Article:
But there really have been only a very few before a conviction, let alone before the case was brought. There’s some dispute among scholars about whether that’s even valid, or whether a pardon has to be for a specific offense, a specific charge, rather than a pardon for all potential charges relating to some event.
If there was a pre-emptive pardon, and there was a dispute about it, is that something that could be challenged on legal grounds, in court?
Well, it could be, I think. The most likely way would be a case brought against the person by the next president or the next administration. They could bring criminal charges, and the individual could ask the charges be dismissed because of the pardon. Then a judge would have to decide if the pardon was valid.
Could the president pardon members of his family, preemptively, for anything that they may have done? And has the pardon been used in that way before?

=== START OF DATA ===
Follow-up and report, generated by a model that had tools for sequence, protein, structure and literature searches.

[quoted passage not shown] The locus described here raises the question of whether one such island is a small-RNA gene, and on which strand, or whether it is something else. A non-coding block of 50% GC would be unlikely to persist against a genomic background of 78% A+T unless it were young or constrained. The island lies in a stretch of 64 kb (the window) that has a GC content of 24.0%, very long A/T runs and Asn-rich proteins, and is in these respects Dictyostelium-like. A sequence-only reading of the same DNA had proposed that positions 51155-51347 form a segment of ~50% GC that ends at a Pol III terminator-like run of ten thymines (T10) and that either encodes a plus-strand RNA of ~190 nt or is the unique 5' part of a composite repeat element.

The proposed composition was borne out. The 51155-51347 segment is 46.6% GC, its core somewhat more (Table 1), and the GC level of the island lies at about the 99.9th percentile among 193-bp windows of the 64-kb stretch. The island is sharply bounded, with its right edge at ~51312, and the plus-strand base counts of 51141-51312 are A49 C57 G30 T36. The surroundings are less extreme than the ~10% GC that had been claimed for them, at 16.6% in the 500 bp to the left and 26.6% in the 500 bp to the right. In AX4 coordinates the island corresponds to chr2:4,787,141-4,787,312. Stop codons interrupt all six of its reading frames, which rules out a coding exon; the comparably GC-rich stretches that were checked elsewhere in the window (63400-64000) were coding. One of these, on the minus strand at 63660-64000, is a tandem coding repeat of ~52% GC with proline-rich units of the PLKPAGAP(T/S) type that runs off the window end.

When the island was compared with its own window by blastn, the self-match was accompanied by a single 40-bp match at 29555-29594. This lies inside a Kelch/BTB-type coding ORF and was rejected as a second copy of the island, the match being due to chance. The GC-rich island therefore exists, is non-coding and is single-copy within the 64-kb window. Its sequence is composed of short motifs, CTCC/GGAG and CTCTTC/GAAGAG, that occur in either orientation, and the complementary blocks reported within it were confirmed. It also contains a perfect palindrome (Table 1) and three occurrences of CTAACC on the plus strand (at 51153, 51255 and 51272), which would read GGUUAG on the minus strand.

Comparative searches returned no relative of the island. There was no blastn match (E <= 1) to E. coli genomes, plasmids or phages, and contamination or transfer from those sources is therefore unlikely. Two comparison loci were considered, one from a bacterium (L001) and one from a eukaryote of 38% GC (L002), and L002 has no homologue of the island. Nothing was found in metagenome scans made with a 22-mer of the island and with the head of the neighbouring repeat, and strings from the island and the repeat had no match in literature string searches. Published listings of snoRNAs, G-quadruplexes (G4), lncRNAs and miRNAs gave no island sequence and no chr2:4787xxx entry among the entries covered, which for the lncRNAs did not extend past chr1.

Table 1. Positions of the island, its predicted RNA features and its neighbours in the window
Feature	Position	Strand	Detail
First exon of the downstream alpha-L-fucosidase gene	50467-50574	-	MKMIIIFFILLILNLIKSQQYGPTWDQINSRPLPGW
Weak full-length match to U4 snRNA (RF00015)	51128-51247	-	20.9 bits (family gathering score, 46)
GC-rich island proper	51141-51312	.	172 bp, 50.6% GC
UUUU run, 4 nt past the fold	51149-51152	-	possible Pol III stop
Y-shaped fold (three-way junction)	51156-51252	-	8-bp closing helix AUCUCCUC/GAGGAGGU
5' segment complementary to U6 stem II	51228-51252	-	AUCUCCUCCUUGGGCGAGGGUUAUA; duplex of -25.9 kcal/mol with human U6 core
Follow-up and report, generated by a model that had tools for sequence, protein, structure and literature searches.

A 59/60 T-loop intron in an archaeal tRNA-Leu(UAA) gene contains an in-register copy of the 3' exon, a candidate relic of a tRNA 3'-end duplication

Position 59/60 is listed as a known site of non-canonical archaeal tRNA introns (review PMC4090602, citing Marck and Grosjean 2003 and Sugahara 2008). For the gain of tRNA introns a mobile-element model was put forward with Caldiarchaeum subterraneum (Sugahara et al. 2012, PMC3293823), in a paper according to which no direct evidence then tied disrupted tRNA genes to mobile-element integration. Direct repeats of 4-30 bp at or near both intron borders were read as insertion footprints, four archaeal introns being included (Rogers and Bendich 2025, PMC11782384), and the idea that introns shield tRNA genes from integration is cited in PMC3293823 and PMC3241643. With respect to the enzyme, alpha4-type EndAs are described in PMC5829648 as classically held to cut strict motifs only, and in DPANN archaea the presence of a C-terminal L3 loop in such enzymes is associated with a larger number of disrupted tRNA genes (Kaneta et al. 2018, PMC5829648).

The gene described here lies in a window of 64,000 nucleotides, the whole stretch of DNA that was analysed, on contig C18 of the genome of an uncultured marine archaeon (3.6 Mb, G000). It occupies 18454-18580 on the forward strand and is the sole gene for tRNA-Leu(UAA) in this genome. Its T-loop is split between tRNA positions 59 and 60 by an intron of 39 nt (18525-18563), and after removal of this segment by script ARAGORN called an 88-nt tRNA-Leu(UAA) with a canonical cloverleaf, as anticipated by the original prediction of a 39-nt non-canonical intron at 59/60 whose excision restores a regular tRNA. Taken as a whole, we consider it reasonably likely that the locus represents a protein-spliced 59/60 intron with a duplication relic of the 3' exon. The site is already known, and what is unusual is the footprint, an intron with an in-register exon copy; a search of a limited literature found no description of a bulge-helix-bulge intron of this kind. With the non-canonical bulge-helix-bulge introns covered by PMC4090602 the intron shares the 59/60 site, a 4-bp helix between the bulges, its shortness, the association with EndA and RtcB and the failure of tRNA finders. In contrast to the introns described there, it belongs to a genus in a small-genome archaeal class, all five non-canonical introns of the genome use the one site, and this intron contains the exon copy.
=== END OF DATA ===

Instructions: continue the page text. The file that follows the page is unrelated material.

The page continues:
The answer to the second question is pretty clearly, ‘No’.
In terms of the first question, the answer is that it would be legally valid, assuming preemptive pardons are valid at all. Constitutionally, the president can issue pardons to members of his or her own family just as much as anyone else.
If that happened, there would be some degree of controversy. The question would come up: Does Congress have power to block pardons or to challenge pardons that it sees as unethical, or inappropriate, or unjust?
The only way Congress could address that would be through impeachment. You can actually impeach somebody after they’re out of office, because it would have the effect of preventing them from holding office again. But as a practical matter, it’s pretty hard to imagine Congress pursuing it, let alone given the political situation.